- The National Arts Council says it has charged its suspended CEO and CFO for financial mismanagement over funding meant for artists and creatives.
- A forensic report released over the weekend revealed transgressions against top executives, managers and project managers.
- The CEO and CFO were suspended, pending the outcome of the investigation.
The National Arts Council (NAC), which was at the centre of corruption allegations in the disbursement of R300 million meant for artists and creatives, says it has charged its suspended CEO Rosemary Mangope and CFO Clifton Changfoot.
The NAC released a forensic report into allegation of mismanagement of the Presidential Employment Stimulus Package (PESP) this weekend.
The investigation was launched in July and completed and submitted to Arts and Culture Minister Nathi Mthethwa in September.
Mthethwa immediately held a press briefing, revealing five former council members were implicated after receiving funds illegally.
According to the forensic report, they received irregular payments of R511 452 for performing the work of independent panel members in contravention of the NAC Act.
The report found Mangope failed to properly manage and direct the stimulus package in that she failed to ensure internal control and financial management were carried out.
She was found to have misrepresented information to the executive committee which continued to approve funding for applications beyond the allocated PESP budget, when no formal submission requesting additional funding from National Treasury was requested.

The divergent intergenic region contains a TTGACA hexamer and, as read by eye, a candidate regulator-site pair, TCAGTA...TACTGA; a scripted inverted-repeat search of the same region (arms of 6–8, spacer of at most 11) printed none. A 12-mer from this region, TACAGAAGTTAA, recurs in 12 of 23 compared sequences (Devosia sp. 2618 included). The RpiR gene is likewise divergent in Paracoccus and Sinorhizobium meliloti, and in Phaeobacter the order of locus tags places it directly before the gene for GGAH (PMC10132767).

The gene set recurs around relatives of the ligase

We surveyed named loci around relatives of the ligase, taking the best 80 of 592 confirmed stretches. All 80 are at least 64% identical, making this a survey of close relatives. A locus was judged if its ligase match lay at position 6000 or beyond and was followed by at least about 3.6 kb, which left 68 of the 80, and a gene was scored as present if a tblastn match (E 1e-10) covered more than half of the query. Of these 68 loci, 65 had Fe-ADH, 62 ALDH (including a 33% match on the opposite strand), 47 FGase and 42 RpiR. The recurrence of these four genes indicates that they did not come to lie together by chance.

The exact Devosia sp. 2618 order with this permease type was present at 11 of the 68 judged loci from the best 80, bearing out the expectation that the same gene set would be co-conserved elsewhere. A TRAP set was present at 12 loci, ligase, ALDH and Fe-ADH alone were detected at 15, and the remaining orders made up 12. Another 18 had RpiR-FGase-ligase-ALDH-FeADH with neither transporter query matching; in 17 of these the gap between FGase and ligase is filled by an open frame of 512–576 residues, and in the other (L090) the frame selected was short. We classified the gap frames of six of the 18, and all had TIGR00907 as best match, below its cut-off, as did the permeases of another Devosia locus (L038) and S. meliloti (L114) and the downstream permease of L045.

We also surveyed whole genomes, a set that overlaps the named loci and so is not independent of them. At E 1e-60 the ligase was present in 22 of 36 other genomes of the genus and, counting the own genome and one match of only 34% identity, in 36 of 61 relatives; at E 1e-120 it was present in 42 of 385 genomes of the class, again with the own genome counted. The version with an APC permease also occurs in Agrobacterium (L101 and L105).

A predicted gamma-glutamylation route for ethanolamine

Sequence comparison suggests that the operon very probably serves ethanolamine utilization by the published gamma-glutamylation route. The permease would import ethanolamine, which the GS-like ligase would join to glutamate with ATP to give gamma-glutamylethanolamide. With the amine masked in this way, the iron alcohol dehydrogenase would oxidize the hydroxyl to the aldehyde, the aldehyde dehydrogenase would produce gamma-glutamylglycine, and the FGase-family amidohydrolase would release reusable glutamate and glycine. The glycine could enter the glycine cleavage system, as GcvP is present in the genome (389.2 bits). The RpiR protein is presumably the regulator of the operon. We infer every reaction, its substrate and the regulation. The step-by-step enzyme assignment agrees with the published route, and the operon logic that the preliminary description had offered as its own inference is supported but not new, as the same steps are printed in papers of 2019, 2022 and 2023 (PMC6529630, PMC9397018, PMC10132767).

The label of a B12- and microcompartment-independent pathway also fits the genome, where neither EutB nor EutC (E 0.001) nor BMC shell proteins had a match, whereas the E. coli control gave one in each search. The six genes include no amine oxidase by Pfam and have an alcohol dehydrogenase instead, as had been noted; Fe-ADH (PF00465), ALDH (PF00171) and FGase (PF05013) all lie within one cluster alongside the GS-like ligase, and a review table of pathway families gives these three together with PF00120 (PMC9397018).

The allocated budget was exceeded during the adjudication of applications for funding and Mangope failed to take appropriate steps to prevent the over-subscription or mitigate the results thereof.
"We also find that the exco did not act within the best interest of the NAC in managing the financial affairs of the PESP. No approval for additional funding was obtained in writing from National Treasury to approve the additional funding, as alluded to by the CEO. Exco continued to approve applications beyond the allocated budget of R285 million.
"We find that Ms Mangope failed to act with fidelity, honesty and in the best interest of the NAC in managing the financial affairs of the PESP by not ensuring that the approved applications remained within the allocated budget of R285 million as opposed to the over-committed amount of R637 705 800," read the report.
Changfoot was found to have failed to exercise financial and management oversight when more than R8 million was awarded to applicants when no approval had been granted by the executive committee.
Furthermore, it was found he failed in the PESP by not raising concerns the approval of Stream 2 applications exceeded the allocated budget.
The report recommended the NAC should take action against project managers, 21 panel members and the executive committee.
The PESP funds were disbursed through two streams - one was for wages and focused on companies, SMMEs and individual creatives, R100 million was allocated.
The second stream had R185 million to create work opportunities for artists - R15 million was set aside for project administration costs.
The creative industry was left reeling as the Covid-19 pandemic forced lockdowns for almost two years, preventing artists and creatives from earning a living.
Artists took matters into their own hands and camped inside the NAC offices in Newtown in downtown Johannesburg demanding management address their concerns over the payments.
Mangope and Changfoot were suspended, pending the outcome of the investigation.
News24 requested the charge sheet from the NAC but had not received it at the time of publication.